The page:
This week was all about paper dolls and art history. Part of the project was identifying artworks from my personal canon. What do I identify with, and what literally and figuratively does not fit? Each artwork has conceptual points of contact and departure for my own identity and values, so the result is a rather intriguing bit of recursion.
I’ll need another fifty or so outfits for the intended effect. This is just an initial push so I can begin the research and writing aspects of things.
In case these aren’t immediately recognizable, here are the artworks to which these dolls refer:
David’s portrait of Napoleon…there are so many things worth saying about the manipulation of history to serve as propaganda. For now, let’s just keep in mind that Napoleon’s artistic legacy is always the first body of artworks I think of to represent male power.
Botticelli’s Birth of Venus is gorgeous…but I have my reservations as well.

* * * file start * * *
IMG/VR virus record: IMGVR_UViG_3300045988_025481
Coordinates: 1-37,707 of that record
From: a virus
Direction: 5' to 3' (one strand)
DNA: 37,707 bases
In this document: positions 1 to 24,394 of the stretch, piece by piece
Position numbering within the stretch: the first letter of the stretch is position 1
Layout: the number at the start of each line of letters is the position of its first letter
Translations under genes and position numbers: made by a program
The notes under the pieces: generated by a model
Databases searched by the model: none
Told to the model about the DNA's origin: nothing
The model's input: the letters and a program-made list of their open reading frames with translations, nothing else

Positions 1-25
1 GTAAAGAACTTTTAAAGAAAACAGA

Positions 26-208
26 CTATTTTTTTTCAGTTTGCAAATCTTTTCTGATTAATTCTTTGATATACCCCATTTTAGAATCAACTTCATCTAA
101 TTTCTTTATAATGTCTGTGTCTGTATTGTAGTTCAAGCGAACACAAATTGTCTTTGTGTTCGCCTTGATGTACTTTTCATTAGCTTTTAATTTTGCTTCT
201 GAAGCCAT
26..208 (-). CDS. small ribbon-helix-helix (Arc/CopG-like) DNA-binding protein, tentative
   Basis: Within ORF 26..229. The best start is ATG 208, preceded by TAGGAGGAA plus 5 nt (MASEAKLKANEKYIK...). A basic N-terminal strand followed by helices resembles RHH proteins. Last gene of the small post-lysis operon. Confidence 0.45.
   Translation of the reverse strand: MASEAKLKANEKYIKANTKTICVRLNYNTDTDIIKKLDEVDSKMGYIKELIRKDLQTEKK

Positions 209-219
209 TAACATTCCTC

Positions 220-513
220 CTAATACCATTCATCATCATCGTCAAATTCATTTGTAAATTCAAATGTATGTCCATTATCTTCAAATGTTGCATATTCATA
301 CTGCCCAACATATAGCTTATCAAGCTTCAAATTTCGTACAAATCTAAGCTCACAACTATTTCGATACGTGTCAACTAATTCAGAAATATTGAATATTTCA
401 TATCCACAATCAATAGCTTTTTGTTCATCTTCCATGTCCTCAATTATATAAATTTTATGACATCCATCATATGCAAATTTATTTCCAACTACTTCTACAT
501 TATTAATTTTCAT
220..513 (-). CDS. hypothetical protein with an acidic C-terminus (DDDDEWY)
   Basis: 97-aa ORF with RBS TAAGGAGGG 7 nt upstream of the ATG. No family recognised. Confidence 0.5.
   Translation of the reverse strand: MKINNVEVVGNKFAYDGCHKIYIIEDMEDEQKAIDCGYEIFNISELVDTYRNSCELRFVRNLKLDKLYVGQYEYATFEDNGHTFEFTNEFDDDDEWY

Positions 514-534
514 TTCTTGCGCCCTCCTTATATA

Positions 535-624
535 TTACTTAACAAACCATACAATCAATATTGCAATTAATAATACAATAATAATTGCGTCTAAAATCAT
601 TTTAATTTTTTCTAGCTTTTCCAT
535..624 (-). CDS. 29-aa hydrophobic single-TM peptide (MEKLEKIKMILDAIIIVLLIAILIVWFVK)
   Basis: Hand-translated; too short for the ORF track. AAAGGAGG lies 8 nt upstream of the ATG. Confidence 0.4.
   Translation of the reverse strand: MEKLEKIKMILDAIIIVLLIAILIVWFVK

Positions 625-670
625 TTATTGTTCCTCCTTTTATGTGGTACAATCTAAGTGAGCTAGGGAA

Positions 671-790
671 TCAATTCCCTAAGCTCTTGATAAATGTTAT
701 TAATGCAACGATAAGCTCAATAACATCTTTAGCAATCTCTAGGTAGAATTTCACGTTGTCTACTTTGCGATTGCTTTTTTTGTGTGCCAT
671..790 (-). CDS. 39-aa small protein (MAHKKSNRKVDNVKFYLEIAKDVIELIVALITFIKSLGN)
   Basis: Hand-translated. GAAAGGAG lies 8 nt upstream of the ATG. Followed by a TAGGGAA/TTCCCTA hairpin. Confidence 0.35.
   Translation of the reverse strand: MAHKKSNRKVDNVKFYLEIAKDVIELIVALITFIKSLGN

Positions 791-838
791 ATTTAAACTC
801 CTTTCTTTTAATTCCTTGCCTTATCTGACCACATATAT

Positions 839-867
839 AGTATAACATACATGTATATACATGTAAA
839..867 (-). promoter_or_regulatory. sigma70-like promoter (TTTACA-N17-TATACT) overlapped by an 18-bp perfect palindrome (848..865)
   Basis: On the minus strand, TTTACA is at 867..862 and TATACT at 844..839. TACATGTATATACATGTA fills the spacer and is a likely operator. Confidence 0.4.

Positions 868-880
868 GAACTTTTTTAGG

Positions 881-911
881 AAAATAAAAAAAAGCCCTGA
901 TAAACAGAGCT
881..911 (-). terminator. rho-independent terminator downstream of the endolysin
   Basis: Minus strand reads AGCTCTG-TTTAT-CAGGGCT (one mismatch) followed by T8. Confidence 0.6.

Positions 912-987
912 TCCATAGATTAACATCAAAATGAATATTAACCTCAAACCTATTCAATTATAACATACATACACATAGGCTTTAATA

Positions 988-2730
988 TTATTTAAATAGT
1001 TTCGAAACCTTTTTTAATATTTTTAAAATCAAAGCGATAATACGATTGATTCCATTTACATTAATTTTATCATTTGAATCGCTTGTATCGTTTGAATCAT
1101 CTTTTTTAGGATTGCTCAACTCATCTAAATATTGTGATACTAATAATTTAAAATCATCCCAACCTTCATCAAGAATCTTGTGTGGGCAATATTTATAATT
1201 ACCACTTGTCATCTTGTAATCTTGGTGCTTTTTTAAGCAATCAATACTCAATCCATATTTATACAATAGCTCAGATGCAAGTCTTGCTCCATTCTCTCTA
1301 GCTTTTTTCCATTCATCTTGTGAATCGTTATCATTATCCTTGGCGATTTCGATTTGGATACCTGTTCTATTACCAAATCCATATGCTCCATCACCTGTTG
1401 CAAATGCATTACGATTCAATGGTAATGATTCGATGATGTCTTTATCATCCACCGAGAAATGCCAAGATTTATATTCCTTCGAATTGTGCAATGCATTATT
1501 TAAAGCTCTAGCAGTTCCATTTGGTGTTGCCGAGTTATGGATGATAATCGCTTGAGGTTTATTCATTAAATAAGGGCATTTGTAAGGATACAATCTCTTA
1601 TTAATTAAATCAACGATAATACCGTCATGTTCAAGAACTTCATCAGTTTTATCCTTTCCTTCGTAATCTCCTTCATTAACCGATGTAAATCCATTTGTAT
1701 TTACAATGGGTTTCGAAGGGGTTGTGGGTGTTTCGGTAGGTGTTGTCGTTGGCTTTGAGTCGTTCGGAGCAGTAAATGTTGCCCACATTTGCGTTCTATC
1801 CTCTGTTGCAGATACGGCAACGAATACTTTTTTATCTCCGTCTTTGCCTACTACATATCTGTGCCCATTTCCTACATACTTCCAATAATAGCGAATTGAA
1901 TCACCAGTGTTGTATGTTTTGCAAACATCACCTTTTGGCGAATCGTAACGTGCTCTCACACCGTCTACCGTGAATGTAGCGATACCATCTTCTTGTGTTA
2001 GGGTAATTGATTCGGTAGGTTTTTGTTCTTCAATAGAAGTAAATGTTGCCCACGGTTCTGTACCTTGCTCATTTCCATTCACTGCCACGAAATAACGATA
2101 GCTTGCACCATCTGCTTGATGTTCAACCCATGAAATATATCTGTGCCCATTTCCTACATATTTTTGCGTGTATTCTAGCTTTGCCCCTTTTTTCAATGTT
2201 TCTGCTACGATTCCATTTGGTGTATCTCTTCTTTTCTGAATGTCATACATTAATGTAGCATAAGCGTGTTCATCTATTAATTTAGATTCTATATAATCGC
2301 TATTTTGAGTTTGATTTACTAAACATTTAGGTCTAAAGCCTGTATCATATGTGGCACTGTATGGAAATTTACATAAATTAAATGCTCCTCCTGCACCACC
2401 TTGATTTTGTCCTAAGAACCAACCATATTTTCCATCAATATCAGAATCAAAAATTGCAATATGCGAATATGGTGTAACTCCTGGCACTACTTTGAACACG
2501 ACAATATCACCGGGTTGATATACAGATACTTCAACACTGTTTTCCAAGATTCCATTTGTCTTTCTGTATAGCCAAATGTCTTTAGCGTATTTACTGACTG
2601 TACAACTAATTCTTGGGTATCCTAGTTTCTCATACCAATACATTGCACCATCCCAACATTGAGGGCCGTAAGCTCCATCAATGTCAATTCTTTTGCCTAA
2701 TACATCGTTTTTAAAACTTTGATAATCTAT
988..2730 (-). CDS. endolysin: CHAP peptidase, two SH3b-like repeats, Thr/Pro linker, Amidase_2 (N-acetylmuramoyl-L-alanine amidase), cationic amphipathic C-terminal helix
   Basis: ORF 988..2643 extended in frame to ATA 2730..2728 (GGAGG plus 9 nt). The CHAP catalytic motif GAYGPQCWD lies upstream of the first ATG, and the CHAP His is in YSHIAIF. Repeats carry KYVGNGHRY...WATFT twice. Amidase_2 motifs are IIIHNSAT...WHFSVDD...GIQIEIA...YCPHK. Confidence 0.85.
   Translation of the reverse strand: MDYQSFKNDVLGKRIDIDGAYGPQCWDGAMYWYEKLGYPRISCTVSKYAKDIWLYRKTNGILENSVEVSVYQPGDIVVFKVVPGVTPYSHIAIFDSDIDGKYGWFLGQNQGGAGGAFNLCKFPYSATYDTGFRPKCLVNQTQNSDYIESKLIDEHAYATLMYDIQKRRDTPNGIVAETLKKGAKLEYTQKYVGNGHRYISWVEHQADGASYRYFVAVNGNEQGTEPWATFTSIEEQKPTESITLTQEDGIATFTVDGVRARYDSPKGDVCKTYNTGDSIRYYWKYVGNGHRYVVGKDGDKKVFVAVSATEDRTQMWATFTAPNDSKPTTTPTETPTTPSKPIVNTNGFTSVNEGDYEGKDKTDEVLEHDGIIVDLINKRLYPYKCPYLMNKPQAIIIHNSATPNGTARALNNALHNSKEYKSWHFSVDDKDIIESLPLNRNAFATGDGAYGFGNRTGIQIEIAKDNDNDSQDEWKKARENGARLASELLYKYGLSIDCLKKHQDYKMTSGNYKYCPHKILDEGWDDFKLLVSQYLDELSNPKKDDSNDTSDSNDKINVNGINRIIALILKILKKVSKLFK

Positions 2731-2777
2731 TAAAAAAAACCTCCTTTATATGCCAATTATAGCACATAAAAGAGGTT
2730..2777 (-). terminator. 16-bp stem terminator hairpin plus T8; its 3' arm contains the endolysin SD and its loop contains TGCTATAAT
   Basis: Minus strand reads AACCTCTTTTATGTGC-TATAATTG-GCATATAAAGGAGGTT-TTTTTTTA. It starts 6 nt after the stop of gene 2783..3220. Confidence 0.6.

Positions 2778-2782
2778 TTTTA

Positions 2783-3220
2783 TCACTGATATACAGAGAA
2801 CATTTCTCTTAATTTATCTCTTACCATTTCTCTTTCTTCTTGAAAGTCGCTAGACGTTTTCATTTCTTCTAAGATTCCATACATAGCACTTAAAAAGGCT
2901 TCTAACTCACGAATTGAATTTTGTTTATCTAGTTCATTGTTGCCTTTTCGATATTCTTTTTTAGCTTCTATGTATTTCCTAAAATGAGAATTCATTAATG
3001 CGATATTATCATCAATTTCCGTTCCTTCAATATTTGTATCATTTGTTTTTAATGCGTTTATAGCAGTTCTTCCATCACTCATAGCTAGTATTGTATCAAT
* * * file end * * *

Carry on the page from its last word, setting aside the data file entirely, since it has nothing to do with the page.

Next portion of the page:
Elizabeth Vigee-Lebrun and her self-portraits are some of the better-known works of art by female artists. One of the most fascinating things about her self-portraits is how carefully they advertise her artistic abilities while presenting her as “safely” feminine.
John Singer Sargent painted quite a lot of high society ladies. Even with buckets of money, I couldn’t be like them.
Bronzino’s young man always struck me as a bit of a poser. I see his facade, and I rather love him for it.
I will happily wave my copy of Foucault’s book on Manet to justify my partisanship.
If Napoleon in art represents masculine power, then here is the first thing I think of when wondering what female power would look like.
I could easily write an essay on each and every of these selections. (I will attempt to be brief.) Future plans include: Rosie the riveter, Henry VIII, Freud, Biblical figures (especially Peter), Medusa, fig leaves, Victorian ladies, and skeletons.